A man has died attempting to save his house from a
devastating bushfire in the Perth hills that has destroyed at
least 27 homes.
St John Ambulance staff say the man collapsed on the roof of
his house in Hovea just after noon on Sunday.
St John crews were unable to access the roof despite
assistance from the Department of Fire and Emergency Services
(DFES), and the man died at the scene.
Despite the efforts of dozens of firefighters and helitac
helicopters in atrocious conditions, properties near
Parkerville and Stoneville were razed by the fast-moving
One Chidlow resident said he was leaving most of his
possessions to the flames.
"There are embers coming down like an ash - we are getting
the hell out of here," he told ABC radio.
"We are taking the animals, some clothes and the tax files in
a box and we are leaving everything else. If it burns, it
The DFES confirmed 27 homes had been lost, and added this
number was expected to increase as damage assessments
continued into Monday.
More than 100 firefighters and 50 vehicles remained on the
scene late on Sunday, as warnings in the area were downgraded
to watch-and-act, and waterbombers were deployed to battle
Burning embers were being blown around homes, and spot fires
were starting up to 150 metres ahead of the fire, the DFES
At least two firefighters have been treated for heat
Just before noon on Sunday, residents in the eastern part of
Mundaring were told to leave their homes immediately.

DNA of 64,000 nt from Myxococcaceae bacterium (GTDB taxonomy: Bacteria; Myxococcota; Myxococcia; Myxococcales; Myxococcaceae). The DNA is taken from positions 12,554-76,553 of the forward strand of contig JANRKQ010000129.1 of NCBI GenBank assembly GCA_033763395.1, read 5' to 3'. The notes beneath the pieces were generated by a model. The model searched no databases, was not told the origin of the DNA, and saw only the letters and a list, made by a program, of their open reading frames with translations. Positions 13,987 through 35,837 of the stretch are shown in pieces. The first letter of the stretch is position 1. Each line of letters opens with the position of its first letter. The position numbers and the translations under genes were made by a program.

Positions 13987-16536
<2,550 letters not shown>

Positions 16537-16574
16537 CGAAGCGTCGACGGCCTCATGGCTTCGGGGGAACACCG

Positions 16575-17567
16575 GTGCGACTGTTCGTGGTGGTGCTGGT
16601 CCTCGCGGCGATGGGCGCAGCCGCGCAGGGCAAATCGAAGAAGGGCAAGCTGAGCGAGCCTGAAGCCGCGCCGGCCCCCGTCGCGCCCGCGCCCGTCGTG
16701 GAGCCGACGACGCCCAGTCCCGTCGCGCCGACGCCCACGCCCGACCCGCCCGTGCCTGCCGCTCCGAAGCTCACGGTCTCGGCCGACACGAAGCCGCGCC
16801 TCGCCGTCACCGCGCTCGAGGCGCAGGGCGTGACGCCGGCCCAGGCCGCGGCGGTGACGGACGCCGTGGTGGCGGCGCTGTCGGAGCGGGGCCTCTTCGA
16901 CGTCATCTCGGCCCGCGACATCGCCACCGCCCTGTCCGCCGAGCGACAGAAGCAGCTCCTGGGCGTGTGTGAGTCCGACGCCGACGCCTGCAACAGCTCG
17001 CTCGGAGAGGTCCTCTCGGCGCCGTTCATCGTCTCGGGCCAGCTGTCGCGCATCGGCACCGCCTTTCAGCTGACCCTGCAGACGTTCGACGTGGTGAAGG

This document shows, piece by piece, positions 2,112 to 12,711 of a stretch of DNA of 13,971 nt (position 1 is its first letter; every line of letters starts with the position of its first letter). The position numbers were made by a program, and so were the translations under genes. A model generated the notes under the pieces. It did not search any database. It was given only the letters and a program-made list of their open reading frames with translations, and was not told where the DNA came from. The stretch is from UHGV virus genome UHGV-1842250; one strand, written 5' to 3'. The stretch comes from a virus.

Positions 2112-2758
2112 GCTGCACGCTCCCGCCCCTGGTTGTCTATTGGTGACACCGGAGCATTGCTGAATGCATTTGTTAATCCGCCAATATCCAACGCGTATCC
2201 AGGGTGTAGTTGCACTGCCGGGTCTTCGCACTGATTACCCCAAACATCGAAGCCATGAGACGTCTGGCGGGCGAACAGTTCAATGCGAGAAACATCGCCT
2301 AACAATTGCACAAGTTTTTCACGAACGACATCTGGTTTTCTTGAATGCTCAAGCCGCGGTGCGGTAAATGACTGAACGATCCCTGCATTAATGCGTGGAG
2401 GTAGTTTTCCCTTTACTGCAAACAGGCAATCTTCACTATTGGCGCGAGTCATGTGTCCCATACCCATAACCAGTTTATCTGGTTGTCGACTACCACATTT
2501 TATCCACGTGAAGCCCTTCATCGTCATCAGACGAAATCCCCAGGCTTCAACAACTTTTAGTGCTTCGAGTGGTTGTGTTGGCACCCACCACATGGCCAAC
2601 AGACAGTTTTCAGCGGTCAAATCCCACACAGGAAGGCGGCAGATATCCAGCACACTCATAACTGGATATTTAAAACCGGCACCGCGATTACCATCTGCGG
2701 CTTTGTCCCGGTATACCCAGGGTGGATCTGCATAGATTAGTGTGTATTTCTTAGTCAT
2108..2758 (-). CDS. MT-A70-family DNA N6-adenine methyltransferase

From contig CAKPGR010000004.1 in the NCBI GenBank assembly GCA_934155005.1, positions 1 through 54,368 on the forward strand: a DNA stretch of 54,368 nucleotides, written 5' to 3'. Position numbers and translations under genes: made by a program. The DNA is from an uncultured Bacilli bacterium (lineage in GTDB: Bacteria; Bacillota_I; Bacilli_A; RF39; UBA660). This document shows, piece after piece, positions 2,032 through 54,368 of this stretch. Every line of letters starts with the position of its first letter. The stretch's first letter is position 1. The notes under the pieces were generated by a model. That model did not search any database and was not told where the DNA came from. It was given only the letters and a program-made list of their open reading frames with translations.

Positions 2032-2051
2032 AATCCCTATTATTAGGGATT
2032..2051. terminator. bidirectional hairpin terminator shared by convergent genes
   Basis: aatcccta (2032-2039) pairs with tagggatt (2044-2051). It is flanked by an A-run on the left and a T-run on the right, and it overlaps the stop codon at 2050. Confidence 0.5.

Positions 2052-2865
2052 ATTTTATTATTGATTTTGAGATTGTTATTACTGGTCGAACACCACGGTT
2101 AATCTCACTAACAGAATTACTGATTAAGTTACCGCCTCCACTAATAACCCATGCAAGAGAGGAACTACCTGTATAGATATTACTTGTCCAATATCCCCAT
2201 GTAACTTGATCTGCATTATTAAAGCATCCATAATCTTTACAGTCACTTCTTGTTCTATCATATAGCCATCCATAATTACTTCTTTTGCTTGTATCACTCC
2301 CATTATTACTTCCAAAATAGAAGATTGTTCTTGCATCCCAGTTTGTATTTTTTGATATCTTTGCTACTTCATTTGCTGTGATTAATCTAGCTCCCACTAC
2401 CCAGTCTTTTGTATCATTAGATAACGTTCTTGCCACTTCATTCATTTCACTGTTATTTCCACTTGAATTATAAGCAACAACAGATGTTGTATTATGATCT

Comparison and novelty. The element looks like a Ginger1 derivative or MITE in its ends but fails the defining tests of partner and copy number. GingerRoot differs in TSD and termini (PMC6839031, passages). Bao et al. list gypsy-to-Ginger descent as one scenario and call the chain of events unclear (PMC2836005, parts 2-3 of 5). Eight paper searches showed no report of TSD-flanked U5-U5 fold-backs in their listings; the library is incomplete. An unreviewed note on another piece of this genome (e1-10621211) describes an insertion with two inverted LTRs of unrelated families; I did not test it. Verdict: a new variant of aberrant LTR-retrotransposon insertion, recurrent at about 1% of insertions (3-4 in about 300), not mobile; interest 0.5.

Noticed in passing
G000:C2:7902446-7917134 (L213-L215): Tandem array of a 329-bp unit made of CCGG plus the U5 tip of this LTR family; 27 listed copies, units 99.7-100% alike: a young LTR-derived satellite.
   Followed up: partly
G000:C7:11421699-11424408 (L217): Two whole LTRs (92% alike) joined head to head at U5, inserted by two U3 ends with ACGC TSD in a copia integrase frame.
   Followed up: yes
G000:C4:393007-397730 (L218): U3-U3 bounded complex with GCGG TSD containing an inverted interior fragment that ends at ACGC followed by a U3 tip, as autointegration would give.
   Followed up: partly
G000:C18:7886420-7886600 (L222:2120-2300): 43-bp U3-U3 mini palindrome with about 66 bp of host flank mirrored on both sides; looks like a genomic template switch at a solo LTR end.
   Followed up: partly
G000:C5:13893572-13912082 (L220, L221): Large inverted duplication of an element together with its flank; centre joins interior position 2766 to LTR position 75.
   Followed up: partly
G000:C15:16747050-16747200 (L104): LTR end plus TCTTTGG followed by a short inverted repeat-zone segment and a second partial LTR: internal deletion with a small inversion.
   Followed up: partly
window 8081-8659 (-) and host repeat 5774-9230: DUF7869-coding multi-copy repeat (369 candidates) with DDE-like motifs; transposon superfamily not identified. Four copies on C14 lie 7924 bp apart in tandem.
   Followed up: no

Less than 30 minutes later, locals were told it was too late
to leave, as it could be deadly if they did.
By 4pm WST, more than 250 hectares had been burnt.
An emergency warning was issued for people after the fire
started between Johnson Road and Granite Road at 11am. The
cause of the blaze is not yet known.
Flames up to 20 metres high burned towards Richardson Road,
Riley Road and Stoneville Road and residents were warned they
were in danger and needed to act immediately to survive.
Homes east of Parkerville were in the immediate path of the
fire, and emergency authorities confirmed several houses had
Two separate evacuation centres were established, with the
Mundaring Recreation Centre filling up with more than 80
evacuees, with a second evacuation centre set up at Brown
Park in nearby Swan View.
Mundaring shire president Helen Dullard said they were
setting up to have people staying in emergency conditions for
days, with Salvation Army volunteers on hand.
"We have got food and accommodation well taken care of, and
there will be people staying overnight and not just one
night," Ms Dullard said.
"But we are still in an emergency stage.
"Some are finding out by friends, and because their friends'
houses have gone, then theirs has gone. Some aren't sure.
"They are anxious to get home as soon as they can, but are
having to wait and that is very difficult for them."
The blaze in the hills were the worst of a horror day for WA
fire authorities, who battled blazes in Wanneroo, Boddington,
Denmark, Gosnells, Shark Bay and a major fire in Baldivis.
The fires came after two successive days of 40C heat in
Perth, and an oppressive heatwave in the northern part of the
state all week.